PRESCOTT – Yavapai County Board of Supervisors this past week accepted nearly $4.8 million in program changes from the county’s department heads.
It was the first step of their annual budget process, with department heads making the case to the board during morning meetings Monday through Thursday, April 25-28.
The big-ticket item is a countywide merit increase and longevity credit program, with a general fund price tag of $655,722 plus another $125,363 in the jail district.
“This is my No. 1 priority – is the merit increase,” Supervisor Chip Davis said Thursday as the board finalized their directions to staff on what to put into the budget.
While the Board of Supervisors OK’d the merit increase and longevity credit program, they nixed a 1 percent range and cost-of-living adjustment that would have cost more than $600,000 between the general fund and jail district.
“I’m not sure we need the COLA if we’re going to do the merit increase,” Chairman Jack Smith said.
Most the proposed program changes before the board were additional employees that department heads requested as a way of getting back to previous staffing levels that were frozen or reduced during the previous decade of economic recession.
The board originally included a proposed countywide public information officer, with a salary cap above $70,000. By the end of the week, however, they’d merged that position proposal with a request for an audio-video technician for the Management Information Systems Department.
“I think the position – and I’ve spoken with several media outlets – and this would be invaluable to them,” Smith said.
Currently, the county has two departmental public information officers. Those PIOs include Dwight D’Evelyn in the Sheriff’s Office and David McAtee in Community Health Services.
Noting his election bid for the statehouse means he’ll no longer be a county supervisor after 2016, Davis too gave a nod to the PIO position.
“You all have a really good story to tell,” Davis said. “It just doesn’t always get out.”
The board added more than $157,000 in job reclassification costs to be considered as part of the county’s general fund budget, added to more than $368,000 in special districts.
Supervisors repeated questions about property assessment appeals Tuesday when Assessor Pam Pearsall appeared for her scheduled presentation, but at the end of the day agreed to include her request for a copier.
They did, however, question the costs associated with staff training in Florida, which they board is expected to discuss during future budget workshops.
Within the county’s nearly $4.8 million in preliminary program change approvals, there’s about $1 million in capital expenses.
It includes $200,000 to replace the parking lots for the Yavapai County Criminal Justice and Detention Center on Gurley Street in Prescott.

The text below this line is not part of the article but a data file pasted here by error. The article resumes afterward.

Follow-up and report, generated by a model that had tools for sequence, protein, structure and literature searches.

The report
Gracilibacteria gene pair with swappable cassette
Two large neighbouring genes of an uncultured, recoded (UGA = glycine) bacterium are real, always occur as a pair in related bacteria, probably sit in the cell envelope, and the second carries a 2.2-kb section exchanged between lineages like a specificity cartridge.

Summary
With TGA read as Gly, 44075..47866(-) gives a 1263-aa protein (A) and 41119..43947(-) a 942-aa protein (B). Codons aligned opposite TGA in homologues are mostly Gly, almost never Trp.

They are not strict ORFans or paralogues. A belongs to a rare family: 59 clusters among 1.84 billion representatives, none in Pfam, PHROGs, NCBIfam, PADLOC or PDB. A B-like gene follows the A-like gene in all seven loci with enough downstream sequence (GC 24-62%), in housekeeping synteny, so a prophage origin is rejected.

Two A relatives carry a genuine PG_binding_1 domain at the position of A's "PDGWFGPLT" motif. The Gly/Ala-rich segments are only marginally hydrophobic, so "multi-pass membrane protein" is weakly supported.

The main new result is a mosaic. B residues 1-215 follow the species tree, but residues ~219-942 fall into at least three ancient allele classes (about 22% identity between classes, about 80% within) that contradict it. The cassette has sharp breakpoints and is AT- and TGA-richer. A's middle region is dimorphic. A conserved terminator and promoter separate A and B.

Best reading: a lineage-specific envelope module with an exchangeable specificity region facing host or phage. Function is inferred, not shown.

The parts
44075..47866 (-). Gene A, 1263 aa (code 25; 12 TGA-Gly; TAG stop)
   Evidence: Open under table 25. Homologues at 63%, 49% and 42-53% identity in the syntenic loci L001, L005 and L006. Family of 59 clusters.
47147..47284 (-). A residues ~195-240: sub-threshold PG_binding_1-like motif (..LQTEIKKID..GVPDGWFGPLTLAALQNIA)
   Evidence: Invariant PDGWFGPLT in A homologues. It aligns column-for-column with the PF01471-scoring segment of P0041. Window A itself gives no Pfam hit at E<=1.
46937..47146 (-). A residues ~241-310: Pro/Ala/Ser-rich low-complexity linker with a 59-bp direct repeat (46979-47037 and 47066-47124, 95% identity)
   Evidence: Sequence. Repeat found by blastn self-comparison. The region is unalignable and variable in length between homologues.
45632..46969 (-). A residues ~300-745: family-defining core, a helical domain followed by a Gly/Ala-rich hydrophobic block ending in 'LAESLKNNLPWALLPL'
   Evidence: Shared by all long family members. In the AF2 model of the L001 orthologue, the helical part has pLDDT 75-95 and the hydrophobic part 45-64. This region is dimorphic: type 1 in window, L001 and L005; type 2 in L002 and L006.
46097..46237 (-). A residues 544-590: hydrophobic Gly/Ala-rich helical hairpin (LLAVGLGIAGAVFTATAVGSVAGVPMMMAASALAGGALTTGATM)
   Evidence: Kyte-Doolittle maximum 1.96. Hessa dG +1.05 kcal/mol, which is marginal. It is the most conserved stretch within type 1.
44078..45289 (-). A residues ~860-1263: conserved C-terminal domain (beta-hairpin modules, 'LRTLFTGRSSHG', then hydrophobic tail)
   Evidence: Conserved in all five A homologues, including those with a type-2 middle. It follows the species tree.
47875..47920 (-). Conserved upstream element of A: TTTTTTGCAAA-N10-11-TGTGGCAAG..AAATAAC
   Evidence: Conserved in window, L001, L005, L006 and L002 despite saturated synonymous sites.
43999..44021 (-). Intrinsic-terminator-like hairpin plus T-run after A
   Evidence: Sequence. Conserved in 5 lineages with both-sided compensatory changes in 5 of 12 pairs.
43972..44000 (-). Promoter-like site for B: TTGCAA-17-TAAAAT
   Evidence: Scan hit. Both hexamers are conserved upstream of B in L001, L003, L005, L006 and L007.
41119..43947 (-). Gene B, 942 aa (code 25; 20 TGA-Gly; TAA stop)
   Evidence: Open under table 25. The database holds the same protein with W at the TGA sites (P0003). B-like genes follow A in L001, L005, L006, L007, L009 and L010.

Another $335,000 in capital improvements is slated for the jail district. Within that amount, $60,000 would go to a water softener system to protect the plumbing infrastructure and $25,000 to convert to low-energy LED lighting.
In departments countywide, supervisors noted management and staff have continued to trim expenses, with most departments expected to finish the year under budget.
Supervisors said that makes it easier to support departmental requests.
“Your budget is still $1 million less than it was 10 years ago,” Davis told Development Services Director Steve Mauk before the board accepted his request for a plans examiner, a records technician and records clerk, totaling more than $150,000.
Supervisor Thomas Thurman said cuts in recent years mean the county is less able to meet the public’s demands in a timely manner.
“It used to be people wanted to build in the county because it was easier to get through the bureaucracy,” he said. “Now that’s flipped.”
The board also noted the results of implementing a fleet rotation program. It’s getting older, high-mileage vehicles out of service and resulting in lower ongoing maintenance costs and better purchase prices when the county sells vehicles at auction.
That’s put the county in the position of being able to consider purchases like a side-by-side all-terrain vehicle to be shared across departments, including facilities, flood control and others.
The entire budget is still in flux, with more than $3 million in Highway User Revenue Fund monies still to be decided in the Legislature.
The final revenue figures will be the deciding factor on which of the program change requests make it to the final budget.
County Administrator Phil Bourdon said staff will prepare a preliminary budget for the Board of Supervisors to consider in May.
During the board’s June 1 and June 15 meetings, the board and staff will refine those figures. The board is currently scheduled to adopt a tentative budget July 6 and a final budget Aug. 3. Truth-in-taxation hearings are slated for July 30 in Cottonwood and Aug. 3 in Prescott.